You’re getting ready to be stationed or transferred overseas, or you’ve spent months budgeting and planning your family’s summer vacation. The last thing you want is for your plans to be derailed by unexpected credit/debit card rejections. But, if your business or personal travel plans include European destinations, this unexpected snafu is more likely than you might expect.
The problem is the differences in security features and processing procedures between European and American credit/debit cards. Cards issued by American banks rely on magnetic strip for security. When a purchase is made, the magnetic strip is swiped and the cardholder then validates the purchase with a signature. Europay, MasterCard and Visa (EMV) or pin-and-chip cards, which are now standard throughout Europe, feature embedded microchips. When a purchase is made with a pin-and-chip card, the card is inserted into an automated machine and the cardholder then enters the PIN that is stored on the chip (similar to using a debit card for a point-of-sale purchase in the United States).
The good news is that most hotels, restaurants and rental car agencies still accept U.S. cards. Unfortunately, while most European cash registers are still equipped to handle American cards, many cashiers don’t know how to process them and some merchants have made a business decision not to accept non-chip and PIN cards.
Travelers with magnetic strip cards most frequently encounter the problems at automated ticket or self-service payment kiosks that will not recognize cards that don’t have a chip. These include unattended ticket machines in train and subway stations, toll booths, parking meters, parking garages and self-serve gas pumps.
Chip-and-pin cards are currently only offered by a few American banks and only to a select number and type of cardholders. The pin-and-chip card will be standard in the U.S. in 2015, but until then when traveling to Europe, it’s best to know what to expect and plan ahead.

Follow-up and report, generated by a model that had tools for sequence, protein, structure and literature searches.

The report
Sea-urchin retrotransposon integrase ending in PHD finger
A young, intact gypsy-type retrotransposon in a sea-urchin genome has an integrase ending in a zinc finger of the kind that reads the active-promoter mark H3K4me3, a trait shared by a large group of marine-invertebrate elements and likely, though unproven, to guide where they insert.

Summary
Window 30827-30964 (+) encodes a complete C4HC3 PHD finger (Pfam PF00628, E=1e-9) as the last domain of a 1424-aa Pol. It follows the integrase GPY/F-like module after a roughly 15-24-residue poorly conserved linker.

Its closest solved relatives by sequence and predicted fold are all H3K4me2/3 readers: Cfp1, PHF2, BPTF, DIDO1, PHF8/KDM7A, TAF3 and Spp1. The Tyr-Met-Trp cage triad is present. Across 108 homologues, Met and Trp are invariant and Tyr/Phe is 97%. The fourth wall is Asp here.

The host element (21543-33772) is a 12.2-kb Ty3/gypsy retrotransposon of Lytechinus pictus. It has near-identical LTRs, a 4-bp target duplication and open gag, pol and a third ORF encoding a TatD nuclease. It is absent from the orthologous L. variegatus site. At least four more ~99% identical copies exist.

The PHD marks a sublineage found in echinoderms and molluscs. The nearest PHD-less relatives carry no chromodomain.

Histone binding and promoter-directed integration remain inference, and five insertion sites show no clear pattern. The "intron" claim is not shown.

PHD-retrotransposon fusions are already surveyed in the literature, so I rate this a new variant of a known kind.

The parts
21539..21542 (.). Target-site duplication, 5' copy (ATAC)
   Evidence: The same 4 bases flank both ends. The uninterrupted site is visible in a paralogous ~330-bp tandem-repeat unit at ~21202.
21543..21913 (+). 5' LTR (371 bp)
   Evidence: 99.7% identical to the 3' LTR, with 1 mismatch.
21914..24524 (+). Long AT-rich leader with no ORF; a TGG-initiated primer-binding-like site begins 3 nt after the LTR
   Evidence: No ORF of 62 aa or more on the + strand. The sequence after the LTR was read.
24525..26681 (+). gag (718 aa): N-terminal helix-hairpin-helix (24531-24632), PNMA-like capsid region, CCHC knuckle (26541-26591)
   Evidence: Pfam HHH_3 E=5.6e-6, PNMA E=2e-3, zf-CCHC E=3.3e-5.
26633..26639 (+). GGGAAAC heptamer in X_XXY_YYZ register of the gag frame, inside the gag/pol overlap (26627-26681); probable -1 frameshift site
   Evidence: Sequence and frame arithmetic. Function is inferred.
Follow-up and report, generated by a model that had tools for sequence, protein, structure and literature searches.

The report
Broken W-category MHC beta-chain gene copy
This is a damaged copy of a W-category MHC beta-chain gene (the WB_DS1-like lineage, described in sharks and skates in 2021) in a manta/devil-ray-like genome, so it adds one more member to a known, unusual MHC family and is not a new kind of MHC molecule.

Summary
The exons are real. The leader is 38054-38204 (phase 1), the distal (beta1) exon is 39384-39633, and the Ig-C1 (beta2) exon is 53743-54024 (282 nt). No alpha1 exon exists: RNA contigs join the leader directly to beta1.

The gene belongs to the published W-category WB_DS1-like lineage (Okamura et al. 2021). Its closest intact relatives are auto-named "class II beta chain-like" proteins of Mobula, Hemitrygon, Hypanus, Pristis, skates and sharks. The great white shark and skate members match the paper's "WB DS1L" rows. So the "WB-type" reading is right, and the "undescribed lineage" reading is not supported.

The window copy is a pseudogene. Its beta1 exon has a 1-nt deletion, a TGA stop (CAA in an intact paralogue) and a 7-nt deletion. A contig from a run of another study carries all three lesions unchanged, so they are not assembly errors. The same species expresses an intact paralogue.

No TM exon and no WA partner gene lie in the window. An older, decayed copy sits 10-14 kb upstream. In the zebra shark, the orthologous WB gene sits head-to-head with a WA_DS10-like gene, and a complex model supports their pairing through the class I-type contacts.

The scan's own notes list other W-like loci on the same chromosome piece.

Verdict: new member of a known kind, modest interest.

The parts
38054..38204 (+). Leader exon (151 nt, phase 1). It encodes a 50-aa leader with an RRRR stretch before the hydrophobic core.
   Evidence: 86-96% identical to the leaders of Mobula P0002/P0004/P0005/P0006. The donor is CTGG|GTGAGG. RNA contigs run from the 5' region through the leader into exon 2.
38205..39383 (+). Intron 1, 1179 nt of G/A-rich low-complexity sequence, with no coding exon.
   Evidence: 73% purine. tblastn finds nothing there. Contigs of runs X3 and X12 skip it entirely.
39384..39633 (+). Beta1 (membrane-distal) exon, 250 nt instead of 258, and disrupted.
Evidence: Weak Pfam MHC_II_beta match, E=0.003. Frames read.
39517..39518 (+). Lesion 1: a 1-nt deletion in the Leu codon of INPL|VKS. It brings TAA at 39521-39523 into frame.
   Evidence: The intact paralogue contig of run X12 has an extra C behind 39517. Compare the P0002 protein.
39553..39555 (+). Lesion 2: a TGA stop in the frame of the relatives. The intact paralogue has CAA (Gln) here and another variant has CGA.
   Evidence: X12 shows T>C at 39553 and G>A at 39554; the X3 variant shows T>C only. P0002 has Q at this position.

- Notify your bank — Before you leave the country, call your card issuer and provide them with the dates and locations of your travel or your bank might block your transactions to prevent fraud.
- Bring alternative forms of payment — Try to take at least one extra credit card as a back-up. Make sure you are familiar with your bank’s daily withdrawal limits on your debit card. Magnetic strip debit cards do work in European ATMs so you should have sufficient access to cash.
- Wait for the attendant — When in a situation where you have the option to use an unattended kiosk or make your purchase from a human attendant, it’s often a safer bet to brave the inevitable line and wait to interact with a person. Many kiosks are programmed not to accept cash or non-chip cards. When dealing with a person, you have the option of paying with cash or asking the cashier to try to process the magnetic strip on your card (see next tip).
- Alert the person at the register — If prompted for a PIN, tell the person behind the counter that you have a non-chip and pin card and ask that they swipe the magnetic strip. If your card does not work after the strip is swiped, ask that the cashier swipe the card again or try another card since the card reader may be able to recognize the magnetic strip and approve the purchase.
- Make purchases ahead of time — Before you leave on your trip, consider buying tickets and other purchases online. For example, Rail Europe now allows American tourists to buy train tickets in advance. Other merchants have similar pre purchase options for American tourists.
This article was reprinted in part from a First Command Financial Services publication.